Deal 9: Hacking Photography mega-deal
Today’s post will not directly answer the above posed question for you. Previously I had written about how useful a simple close-up lens, which screws onto the end of a normal lens, can be when traveling. They are light, take up little space, cost less than a whole new lens, can be used at different focal lengths and are generally easy to use. Today I want to make a direct comparison with a lens lent to me by the folks at BorrowLenses.com, one of DPS’ sponsors.
A major misconception with camera lenses is that 100mm (or any focal length) is 100mm is 100mm. They are all the same, thus the same number! It must be true, otherwise they’d have different numbers. While the idea of different sized camera sensors create a cropping factor from 1.3x to 1.6 times, focal length seems like such an easier field.
Yet it’s not that simple. I have been asked a number of times, “But, if we both have 100mm lenses, why does your Macro lens make things bigger?” To put it simply, because it can focus closer. All lenses have a minimum focus distance. Check your lens’ manual or, if you are lucky enough to have a lens with a distance meter on it, pull the focus all the way in and read the number in meters or feet. This is as close as an object can be to the sensor plane of your camera and still be in focus. Anything closer and it will blur.
This is where Macro lenses shine. Macro lenses are almost exclusively prime lenses; the type of lens that doesn’t zoom. Giving up the mechanisms needed to zoom and the associated elements that go with the technology allows for a lens specialize in getting closer. Remember, a lens is not just a couple of elements like a simple microscope or telescope may be. They contain up to 25 different elements to help focus light. Just how much closer matters? That’s the part that’s up to you.
As a lens gets closer, the apparent size of the object will get larger. Most Macro lenses can achieve a 1:1 ratio, meaning the image will take up the same amount of space on the sensor as it does in real life. Looking through a viewfinder at an object zoomed this close will seem HUGE. But you have to remember, in the sense of your camera’s sensor, you’re looking at a space of only 36mm x 24mm (full frame) or generally 22mm x 15mm (various APS-C sizes). In other words, postage stamp size, more or less. What you see through the eyepiece is what will fill the space of your sensor and that’s why it seems so big. Hold a stamp up 6 inches from your eye; it will look HUGE.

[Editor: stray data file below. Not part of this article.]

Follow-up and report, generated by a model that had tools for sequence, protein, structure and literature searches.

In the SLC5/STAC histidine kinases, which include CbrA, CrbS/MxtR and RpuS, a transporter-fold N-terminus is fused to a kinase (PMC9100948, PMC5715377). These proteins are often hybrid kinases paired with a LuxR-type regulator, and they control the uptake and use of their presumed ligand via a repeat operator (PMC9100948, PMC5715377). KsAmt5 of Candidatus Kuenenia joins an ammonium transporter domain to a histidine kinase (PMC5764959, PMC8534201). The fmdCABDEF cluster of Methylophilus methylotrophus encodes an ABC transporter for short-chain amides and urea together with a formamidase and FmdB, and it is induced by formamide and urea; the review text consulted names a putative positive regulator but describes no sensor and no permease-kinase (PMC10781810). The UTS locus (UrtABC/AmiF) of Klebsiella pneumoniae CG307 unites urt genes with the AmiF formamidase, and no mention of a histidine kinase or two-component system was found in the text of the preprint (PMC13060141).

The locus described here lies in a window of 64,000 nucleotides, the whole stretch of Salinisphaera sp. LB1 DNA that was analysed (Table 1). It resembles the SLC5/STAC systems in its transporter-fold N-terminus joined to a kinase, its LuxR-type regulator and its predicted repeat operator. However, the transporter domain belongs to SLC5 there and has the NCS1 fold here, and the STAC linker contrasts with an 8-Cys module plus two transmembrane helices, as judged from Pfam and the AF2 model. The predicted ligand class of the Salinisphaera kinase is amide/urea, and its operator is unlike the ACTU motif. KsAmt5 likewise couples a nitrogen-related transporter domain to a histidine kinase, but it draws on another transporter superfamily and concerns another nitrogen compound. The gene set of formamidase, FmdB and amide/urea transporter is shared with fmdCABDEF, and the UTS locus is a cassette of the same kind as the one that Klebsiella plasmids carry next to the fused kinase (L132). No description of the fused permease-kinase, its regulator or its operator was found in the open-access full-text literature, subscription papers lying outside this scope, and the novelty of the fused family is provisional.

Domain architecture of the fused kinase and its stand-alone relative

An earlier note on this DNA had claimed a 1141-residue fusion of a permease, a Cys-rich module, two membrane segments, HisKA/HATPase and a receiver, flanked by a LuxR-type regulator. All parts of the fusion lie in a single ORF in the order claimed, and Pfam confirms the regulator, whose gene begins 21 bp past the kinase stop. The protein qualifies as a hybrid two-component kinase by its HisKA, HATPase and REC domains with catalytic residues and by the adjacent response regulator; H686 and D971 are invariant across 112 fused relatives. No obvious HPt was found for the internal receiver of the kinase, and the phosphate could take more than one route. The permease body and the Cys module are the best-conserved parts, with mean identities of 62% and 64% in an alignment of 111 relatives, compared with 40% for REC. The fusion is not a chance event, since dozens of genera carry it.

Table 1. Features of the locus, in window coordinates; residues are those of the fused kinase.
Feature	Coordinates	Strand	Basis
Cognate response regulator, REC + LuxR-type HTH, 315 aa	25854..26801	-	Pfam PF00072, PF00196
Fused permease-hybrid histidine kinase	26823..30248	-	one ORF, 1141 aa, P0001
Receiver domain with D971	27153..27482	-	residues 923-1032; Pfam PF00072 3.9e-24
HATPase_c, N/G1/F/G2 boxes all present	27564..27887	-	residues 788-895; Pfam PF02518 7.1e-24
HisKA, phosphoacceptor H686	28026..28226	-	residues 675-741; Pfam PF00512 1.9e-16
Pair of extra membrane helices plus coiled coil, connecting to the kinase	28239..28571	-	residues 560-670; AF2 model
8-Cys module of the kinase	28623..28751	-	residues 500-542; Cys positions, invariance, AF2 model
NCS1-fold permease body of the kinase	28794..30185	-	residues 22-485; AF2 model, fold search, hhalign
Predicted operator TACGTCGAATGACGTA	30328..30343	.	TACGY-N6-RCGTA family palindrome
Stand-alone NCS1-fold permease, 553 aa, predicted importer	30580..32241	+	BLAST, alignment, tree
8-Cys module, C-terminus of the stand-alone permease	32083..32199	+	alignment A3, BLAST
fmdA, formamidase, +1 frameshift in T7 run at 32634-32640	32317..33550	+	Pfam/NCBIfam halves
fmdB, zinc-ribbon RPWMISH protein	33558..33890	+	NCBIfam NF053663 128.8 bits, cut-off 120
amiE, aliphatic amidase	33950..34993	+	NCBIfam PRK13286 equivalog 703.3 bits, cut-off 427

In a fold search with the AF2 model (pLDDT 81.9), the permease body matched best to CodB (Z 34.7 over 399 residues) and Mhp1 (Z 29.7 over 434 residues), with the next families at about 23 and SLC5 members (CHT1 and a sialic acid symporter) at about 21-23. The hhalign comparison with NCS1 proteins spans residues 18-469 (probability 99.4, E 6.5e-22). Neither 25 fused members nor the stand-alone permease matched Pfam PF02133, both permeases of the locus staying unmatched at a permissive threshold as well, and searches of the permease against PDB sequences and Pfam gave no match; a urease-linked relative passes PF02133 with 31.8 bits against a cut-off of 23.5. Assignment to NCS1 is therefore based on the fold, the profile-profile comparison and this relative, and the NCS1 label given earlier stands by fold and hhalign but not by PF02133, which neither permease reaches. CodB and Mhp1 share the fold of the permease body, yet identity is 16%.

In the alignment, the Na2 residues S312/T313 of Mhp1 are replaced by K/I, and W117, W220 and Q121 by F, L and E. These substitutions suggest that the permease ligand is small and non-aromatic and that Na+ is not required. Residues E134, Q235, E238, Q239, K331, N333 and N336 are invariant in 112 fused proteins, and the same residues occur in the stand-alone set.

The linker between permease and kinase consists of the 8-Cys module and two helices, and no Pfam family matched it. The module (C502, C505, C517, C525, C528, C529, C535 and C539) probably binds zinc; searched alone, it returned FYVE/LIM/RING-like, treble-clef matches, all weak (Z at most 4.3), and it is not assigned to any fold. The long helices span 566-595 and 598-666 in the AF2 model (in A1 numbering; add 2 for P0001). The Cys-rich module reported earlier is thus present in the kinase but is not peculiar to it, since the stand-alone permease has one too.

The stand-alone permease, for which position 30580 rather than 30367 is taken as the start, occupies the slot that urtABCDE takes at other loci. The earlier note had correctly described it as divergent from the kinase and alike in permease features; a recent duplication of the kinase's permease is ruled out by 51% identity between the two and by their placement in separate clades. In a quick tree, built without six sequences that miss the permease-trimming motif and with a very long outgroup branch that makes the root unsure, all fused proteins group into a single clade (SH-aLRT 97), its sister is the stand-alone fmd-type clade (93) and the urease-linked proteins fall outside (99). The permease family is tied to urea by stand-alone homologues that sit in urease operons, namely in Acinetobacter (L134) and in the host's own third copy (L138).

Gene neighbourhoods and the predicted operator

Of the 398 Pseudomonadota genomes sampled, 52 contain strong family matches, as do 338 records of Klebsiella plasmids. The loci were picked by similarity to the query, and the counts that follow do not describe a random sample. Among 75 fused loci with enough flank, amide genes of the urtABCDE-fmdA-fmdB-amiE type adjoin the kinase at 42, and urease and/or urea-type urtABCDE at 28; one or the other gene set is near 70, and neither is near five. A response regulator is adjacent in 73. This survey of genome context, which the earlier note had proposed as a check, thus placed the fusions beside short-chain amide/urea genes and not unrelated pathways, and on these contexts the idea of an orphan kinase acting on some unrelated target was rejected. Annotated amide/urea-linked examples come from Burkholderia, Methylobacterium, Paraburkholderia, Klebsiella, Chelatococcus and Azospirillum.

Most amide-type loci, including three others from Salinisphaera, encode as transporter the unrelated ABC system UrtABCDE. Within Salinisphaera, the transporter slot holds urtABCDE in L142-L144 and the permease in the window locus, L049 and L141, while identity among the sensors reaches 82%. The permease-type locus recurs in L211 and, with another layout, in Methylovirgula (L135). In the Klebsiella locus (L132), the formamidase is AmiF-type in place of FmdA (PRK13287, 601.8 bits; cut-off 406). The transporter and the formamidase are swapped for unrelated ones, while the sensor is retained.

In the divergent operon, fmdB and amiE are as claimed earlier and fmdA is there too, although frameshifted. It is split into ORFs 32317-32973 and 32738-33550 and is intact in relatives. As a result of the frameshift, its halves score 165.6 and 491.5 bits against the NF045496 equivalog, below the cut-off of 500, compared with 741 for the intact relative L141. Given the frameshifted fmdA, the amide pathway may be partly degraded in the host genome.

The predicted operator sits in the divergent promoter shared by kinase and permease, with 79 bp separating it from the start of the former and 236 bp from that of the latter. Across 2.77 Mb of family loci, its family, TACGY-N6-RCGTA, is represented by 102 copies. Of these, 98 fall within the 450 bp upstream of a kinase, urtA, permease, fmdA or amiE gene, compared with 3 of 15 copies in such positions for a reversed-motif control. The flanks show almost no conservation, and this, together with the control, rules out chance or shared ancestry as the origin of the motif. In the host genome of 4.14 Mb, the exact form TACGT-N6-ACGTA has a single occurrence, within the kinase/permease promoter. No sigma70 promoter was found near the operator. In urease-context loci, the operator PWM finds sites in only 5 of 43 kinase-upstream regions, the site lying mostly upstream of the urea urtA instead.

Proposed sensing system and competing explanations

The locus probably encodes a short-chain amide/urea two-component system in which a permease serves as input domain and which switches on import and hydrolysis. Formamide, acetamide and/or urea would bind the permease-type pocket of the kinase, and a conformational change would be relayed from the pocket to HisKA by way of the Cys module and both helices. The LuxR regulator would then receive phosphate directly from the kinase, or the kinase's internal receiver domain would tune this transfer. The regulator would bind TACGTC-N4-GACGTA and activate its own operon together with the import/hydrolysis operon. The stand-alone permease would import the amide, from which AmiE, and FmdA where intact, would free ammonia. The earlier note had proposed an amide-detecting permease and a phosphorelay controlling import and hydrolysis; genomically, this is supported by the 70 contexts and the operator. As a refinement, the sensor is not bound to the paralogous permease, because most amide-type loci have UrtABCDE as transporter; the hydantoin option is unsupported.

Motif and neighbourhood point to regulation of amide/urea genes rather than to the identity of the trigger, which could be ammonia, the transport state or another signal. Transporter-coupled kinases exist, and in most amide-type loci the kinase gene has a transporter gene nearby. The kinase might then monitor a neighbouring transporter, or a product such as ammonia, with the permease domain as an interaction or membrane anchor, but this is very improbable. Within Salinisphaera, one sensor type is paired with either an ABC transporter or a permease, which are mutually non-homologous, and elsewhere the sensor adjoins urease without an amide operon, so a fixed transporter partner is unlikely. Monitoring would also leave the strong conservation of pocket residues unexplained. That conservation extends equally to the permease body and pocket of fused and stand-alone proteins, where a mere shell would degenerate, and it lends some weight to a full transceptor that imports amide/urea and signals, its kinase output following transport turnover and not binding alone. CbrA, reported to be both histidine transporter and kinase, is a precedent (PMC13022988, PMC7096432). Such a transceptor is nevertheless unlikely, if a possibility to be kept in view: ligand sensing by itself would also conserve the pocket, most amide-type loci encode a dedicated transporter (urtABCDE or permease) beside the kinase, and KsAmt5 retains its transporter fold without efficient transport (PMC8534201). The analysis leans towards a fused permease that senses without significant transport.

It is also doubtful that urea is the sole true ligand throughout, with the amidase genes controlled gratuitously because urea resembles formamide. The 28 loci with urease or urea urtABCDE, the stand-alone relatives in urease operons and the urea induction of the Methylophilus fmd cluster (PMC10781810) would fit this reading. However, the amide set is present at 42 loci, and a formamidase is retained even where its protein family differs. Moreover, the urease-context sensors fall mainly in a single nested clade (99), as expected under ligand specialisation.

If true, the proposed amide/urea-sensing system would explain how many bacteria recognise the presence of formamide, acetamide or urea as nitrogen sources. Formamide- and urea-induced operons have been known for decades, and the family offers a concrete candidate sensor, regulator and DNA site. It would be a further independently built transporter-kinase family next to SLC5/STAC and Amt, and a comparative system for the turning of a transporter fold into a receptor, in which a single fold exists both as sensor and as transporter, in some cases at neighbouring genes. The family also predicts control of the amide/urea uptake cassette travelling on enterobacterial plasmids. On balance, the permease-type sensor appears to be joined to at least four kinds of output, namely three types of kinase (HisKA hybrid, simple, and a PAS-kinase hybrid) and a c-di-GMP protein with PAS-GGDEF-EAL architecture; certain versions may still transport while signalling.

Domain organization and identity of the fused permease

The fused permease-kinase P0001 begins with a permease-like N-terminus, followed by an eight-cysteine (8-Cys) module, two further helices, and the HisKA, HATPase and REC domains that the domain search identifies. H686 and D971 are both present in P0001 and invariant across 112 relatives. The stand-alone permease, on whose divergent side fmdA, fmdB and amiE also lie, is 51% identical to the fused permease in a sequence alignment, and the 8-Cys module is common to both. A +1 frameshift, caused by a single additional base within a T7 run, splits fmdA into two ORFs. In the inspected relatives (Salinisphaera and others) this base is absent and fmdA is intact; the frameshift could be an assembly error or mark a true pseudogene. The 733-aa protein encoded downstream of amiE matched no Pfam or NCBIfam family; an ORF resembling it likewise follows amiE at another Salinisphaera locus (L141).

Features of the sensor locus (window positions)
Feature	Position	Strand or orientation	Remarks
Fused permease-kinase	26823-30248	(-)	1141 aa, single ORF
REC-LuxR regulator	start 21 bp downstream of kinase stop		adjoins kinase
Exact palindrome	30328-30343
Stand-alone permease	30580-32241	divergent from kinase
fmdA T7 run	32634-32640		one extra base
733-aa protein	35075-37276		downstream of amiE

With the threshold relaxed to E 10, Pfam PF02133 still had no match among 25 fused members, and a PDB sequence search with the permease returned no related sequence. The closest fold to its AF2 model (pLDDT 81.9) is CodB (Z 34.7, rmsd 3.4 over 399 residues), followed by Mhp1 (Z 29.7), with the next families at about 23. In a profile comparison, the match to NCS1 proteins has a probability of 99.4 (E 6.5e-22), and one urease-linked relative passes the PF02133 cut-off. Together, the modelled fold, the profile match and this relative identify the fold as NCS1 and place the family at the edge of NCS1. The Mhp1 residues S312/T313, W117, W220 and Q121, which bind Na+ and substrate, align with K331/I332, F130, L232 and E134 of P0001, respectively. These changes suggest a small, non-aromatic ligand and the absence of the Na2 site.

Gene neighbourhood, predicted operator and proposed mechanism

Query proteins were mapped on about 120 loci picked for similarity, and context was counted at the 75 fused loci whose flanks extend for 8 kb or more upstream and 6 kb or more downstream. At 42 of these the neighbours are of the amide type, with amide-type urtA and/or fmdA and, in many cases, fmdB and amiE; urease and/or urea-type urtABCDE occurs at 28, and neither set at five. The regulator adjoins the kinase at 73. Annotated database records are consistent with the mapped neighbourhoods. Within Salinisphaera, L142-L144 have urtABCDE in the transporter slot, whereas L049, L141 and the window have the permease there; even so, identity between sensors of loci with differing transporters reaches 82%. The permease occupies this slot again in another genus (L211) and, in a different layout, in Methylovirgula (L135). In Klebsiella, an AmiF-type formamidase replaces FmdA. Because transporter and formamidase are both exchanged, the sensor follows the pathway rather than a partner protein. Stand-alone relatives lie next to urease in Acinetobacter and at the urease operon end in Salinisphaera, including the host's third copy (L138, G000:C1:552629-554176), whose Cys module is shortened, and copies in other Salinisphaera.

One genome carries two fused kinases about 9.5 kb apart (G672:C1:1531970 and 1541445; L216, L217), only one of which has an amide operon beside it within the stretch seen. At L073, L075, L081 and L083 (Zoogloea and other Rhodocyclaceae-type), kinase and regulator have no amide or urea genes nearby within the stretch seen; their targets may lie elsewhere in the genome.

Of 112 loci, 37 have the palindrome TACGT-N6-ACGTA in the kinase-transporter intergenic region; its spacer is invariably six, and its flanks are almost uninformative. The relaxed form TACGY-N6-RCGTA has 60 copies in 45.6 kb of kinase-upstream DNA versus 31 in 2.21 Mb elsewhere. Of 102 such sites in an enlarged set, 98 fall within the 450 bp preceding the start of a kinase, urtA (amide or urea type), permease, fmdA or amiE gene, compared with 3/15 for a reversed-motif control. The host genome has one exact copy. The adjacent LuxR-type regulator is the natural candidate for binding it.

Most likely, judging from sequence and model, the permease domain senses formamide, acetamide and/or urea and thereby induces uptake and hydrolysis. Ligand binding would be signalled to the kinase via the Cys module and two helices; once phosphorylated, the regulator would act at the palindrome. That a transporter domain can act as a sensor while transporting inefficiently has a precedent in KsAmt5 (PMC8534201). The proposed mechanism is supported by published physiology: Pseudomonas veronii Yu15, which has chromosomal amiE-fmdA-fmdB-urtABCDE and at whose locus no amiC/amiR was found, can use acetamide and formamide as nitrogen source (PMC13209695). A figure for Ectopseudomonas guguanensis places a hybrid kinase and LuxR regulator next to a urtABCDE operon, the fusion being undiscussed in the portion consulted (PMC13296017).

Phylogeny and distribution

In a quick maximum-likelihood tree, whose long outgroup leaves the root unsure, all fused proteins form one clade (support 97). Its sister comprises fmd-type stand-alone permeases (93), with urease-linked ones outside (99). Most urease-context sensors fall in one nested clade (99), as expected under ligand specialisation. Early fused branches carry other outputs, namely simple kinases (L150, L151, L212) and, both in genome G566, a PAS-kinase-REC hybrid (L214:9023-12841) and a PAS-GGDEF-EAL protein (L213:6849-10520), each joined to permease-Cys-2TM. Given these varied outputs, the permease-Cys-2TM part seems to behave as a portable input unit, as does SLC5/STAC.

So how does a normal zoom lens stack up against a Macro? Let me show you. First, I’ll start with a Canon 7D and Canon 28-300mm L. It is focused to its closest distance of 12″ or 305mm. 105mm, ISO 100, f/5.0 (minimum), 1/25 second. What did I choose for an image? Bank Of America was kind enough to send me a notice about how they use personal information. It seemed spell binding and exciting (and not directly copyrighted).
The space of the piece of paper covered in real world terms is 4.5″ x 3″, nearly exactly (114mm x 76mm).
Now I will add on the Canon 500D Close-Up lens, touted in my previous post. Focus distance is now almost exactly 7″ (180mm) from the front of the close-up to the subject. 105mm, ISO 100, f/5.0 (minimum), 1/25 second (NOTE: while the settings were kept the same, this second image’s exposure is increased a whole stop in post production as the close-up lens drops the amount of collected light)
This space of the piece of paper covered in real world terms is 2.625″ x 1.75″ (67mm x 45mm). A pretty good increase. Five inches closer does make a difference. Now to see how it compares to a real Macro lens.
Same Canon 7D but now with a Canon Macro 100mm 2.8 L. ISO 100, f/2.8, 1/160 seconds with a focus distance of just 5 inches from the subject to the front of the lens.
This space of the piece of paper covered in real world terms is .9375″ x .625″ (23mm x 15mm). Do those millimeter numbers look familiar? If you’re super geeky on your sensor sizes, you likely notice that number as being freakishly close to the actual size of the 7D APS-C sensor (22.3 x 14.9 mm according to Canon’s website).
Therefor the image is reproduced at a 1:1 ratio, where as the close-up lens was closer to 1:3 and 1:5 without it.
All of this information is to give you an idea of how much more ‘zoom’ you can get from using a Macro lens as compared to a standard 100mm or a close-up lens. I also hope it serves as a handy reference of different levels of magnification and what 1:1 looks like when blown up to screen sizes. A note on the focus distance: I measured the practical focus distance by measuring from the front of the lens to the subject, while the lenses themselves list their focus distances to the plane of the sensor. Both are relative and work. I prefer the distance from the front of the lens for this simple demonstration because it lets me know if the hood on the lens will block ambient light or not.
It’s also important to note that a Macro lens typically is not limited to the closest of photos. That 100mm on a full frame camera will serve well as a faster portrait lens.
April 30, 2011 04:35 pm
the above two shots was taken using screw-in 10+ lens and extension adapter with 18-55 std lens. pls. comment
April 29, 2011 11:28 pm
Taken with a close up lens:
April 29, 2011 11:36 am
April 29, 2011 07:48 am
Ack! You're absolutely right. I will edit that out. Thanks.
April 29, 2011 07:46 am
Hi Peter, Not wishing to be pedantic because the article is going to be useful to anyone starting out in macro-world and will give them a feel for the way the different pieces of kit operate, but if you look at your 3rd paragraph again it states, "... pull the zoom all the way in and read the number in meters or feet. This is as close as an object can be to the front element (glass) of your lens and still be in focus." Maybe I'm reading this wrong.